Synopses & Reviews
The creation of algebraic topology is a major accomplishment of 20th-century mathematics. The goal of this book is to show how geometric and algebraic ideas met and grew together into an important branch of mathematics in the recent past. The book also conveys the fun and adventure that can be part of a mathematical investigation.
Combinatorial topology has a wealth of applications, many of which result from connections with the theory of differential equations. As the author points out, "Combinatorial topology is uniquely the subject where students of mathematics below graduate level can see the three major divisions of mathematics — analysis, geometry, and algebra — working together amicably on important problems."
To facilitate understanding, Professor Henle has deliberately restricted the subject matter of this volume, focusing especially on surfaces because the theorems can be easily visualized there, encouraging geometric intuition. In addition, this area presents many interesting applications arising from systems of differential equations. To illuminate the interaction of geometry and algebra, a single important algebraic tool — homology — is developed in detail.
Written for upper-level undergraduate and graduate students, this book requires no previous acquaintance with topology or algebra. Point set topology and group theory are developed as they are needed. In addition, a supplement surveying point set topology is included for the interested student and for the instructor who wishes to teach a mixture of point set and algebraic topology. A rich selection of problems, some with solutions, are integrated into the text.
Excellent text for upper-level undergraduate and graduate students shows how geometric and algebraic ideas met and grew together into an important branch of mathematics. Lucid coverage of vector fields, surfaces, homology of complexes, much more. Some knowledge of differential equations and multivariate calculus required. Many problems and exercises (some solutions) integrated into the text. 1979 edition. Bibliography.
The creation of algebraic topology is a major accomplishment of the 20th century. The goal of this book is to show how geometric and algebraic ideas met and grew together into an important branch of mathematics in the recent past. The book also conveys the fun and adventure that can be part of a mathematical investigation.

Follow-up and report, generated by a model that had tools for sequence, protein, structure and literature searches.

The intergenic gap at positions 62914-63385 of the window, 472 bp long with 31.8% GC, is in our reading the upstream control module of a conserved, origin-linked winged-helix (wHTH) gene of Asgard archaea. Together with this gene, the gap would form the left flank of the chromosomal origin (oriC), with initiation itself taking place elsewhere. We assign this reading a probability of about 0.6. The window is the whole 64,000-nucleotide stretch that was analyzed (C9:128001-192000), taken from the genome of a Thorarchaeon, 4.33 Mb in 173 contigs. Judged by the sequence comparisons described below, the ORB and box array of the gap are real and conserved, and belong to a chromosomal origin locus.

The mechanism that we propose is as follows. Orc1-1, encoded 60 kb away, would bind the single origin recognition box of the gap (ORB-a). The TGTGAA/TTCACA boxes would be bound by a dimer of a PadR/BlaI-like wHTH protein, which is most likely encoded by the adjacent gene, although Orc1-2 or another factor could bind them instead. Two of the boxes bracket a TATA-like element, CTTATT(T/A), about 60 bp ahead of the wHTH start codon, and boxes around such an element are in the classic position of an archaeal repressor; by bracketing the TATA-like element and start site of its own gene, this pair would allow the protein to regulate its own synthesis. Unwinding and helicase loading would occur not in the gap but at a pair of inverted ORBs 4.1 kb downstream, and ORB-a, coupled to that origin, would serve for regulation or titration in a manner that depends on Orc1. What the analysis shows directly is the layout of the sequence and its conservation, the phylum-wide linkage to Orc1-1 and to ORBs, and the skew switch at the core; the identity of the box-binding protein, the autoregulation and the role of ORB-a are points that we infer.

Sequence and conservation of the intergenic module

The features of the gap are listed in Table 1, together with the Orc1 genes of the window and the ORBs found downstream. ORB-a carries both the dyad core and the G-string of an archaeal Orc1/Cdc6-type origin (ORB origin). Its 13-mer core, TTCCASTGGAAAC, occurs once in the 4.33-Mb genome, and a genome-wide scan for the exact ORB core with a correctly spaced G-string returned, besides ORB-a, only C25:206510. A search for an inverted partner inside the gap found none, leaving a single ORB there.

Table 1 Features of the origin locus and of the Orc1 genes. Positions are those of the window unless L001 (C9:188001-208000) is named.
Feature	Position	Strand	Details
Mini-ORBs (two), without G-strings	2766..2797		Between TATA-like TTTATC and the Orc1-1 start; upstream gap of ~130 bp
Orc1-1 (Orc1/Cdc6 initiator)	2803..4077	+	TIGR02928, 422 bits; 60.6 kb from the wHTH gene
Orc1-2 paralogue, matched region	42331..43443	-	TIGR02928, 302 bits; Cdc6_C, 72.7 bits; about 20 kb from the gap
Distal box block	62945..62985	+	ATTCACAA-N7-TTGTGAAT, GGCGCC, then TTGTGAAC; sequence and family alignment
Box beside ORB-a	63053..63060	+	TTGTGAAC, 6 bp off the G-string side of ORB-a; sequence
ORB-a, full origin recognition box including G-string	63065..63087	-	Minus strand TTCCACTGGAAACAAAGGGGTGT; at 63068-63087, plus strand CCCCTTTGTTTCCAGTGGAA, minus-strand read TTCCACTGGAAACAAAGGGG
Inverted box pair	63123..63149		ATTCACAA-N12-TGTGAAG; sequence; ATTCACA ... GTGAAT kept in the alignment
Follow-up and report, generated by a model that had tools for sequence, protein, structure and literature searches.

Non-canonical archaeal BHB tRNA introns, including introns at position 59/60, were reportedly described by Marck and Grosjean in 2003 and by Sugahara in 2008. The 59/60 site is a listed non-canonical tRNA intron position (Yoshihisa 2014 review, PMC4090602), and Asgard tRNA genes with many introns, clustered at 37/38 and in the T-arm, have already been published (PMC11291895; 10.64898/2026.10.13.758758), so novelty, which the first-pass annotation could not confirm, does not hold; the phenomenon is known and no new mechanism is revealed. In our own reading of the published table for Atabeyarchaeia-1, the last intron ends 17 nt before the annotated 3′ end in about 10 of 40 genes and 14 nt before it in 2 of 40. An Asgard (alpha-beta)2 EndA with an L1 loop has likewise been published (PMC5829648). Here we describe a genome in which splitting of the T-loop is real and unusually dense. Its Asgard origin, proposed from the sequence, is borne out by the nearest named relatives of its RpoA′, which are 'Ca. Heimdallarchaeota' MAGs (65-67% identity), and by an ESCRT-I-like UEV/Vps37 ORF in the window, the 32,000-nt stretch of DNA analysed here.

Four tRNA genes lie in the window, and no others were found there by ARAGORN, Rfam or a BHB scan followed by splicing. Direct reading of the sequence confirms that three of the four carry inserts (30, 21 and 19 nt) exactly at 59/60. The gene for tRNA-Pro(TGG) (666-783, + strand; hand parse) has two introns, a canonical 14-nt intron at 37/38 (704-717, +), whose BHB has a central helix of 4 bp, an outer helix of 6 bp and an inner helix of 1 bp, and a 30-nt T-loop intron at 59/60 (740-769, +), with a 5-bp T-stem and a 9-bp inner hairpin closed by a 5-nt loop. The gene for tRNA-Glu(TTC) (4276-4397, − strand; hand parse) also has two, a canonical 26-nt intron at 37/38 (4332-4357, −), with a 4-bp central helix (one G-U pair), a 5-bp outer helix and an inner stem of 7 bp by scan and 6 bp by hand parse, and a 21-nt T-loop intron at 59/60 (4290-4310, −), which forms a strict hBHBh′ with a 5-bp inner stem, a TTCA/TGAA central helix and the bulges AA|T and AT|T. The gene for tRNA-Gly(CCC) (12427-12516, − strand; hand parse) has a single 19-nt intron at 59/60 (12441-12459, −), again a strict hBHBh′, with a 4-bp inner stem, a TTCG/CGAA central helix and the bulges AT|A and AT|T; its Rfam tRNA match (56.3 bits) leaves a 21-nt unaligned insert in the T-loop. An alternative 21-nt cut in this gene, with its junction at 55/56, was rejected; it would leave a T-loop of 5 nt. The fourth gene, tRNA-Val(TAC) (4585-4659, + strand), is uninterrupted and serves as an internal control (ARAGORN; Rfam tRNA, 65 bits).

Excellent text covers vector fields, plane homology and the Jordan Curve Theorem, surfaces, homology of complexes, more. Problems and exercises. Some knowledge of differential equations and multivariate calculus required.Bibliography. 1979 edition.
Includes bibliographical references (p. -304) and index.
Table of Contents
Chapter One Basic Concepts
1 The Combinatorial Method
2 Continuous Transformations in the Plane
3 Compactness and Connectedness
4 Abstract Point Set Topology
Chapter Two Vector Fields
5 A Link Between Analysis and Topology
6 Sperner's Lemma and the Brouwer Fixed Point Theorem
7 Phase Portraits and the Index Lemma
8 Winding Numbers
9 Isolated Critical Points
10 The Poincaré Index Theorem
11 Closed Integral Paths
12 Further Results and Applications
Chapter Three Plane Homology and Jordan Curve Theorem
13 Polygonal Chains
14 The Algebra of Chains on a Grating
15 The Boundary Operator
16 The Fundamental Lemma
17 Alexander's Lemma
18 Proof of the Jordan Curve Theorem
Chapter Four Surfaces
19 Examples of Surfaces
20 The Combinatorial Definition of a Surface
21 The Classification Theorem
22 Surfaces with Boundary
Chapter Five Homology of Complexes
24 Homology Groups of a Complex
26 Betti Numbers and the Euler Characteristic
27 Map Coloring and Regular Complexes
28 Gradient Vector Fields
29 Integral Homology
30 Torsion and Orientability
31 The Poincaré Index Theorem Again
Chapter Six Continuous Transformations
32 Covering Spaces
33 Simplicial Transformations
34 Invariance Again
36 The Lefschetz Fixed Point Theorem
38 Other Homologies
Supplement Topics in Point Set Topology
39 Cryptomorphic Versions of Topology
40 A Bouquet of Topological Properties
41 Compactness Again
42 Compact Metric Spaces
Hints and Answers for Selected Problems
Suggestions for Further Reading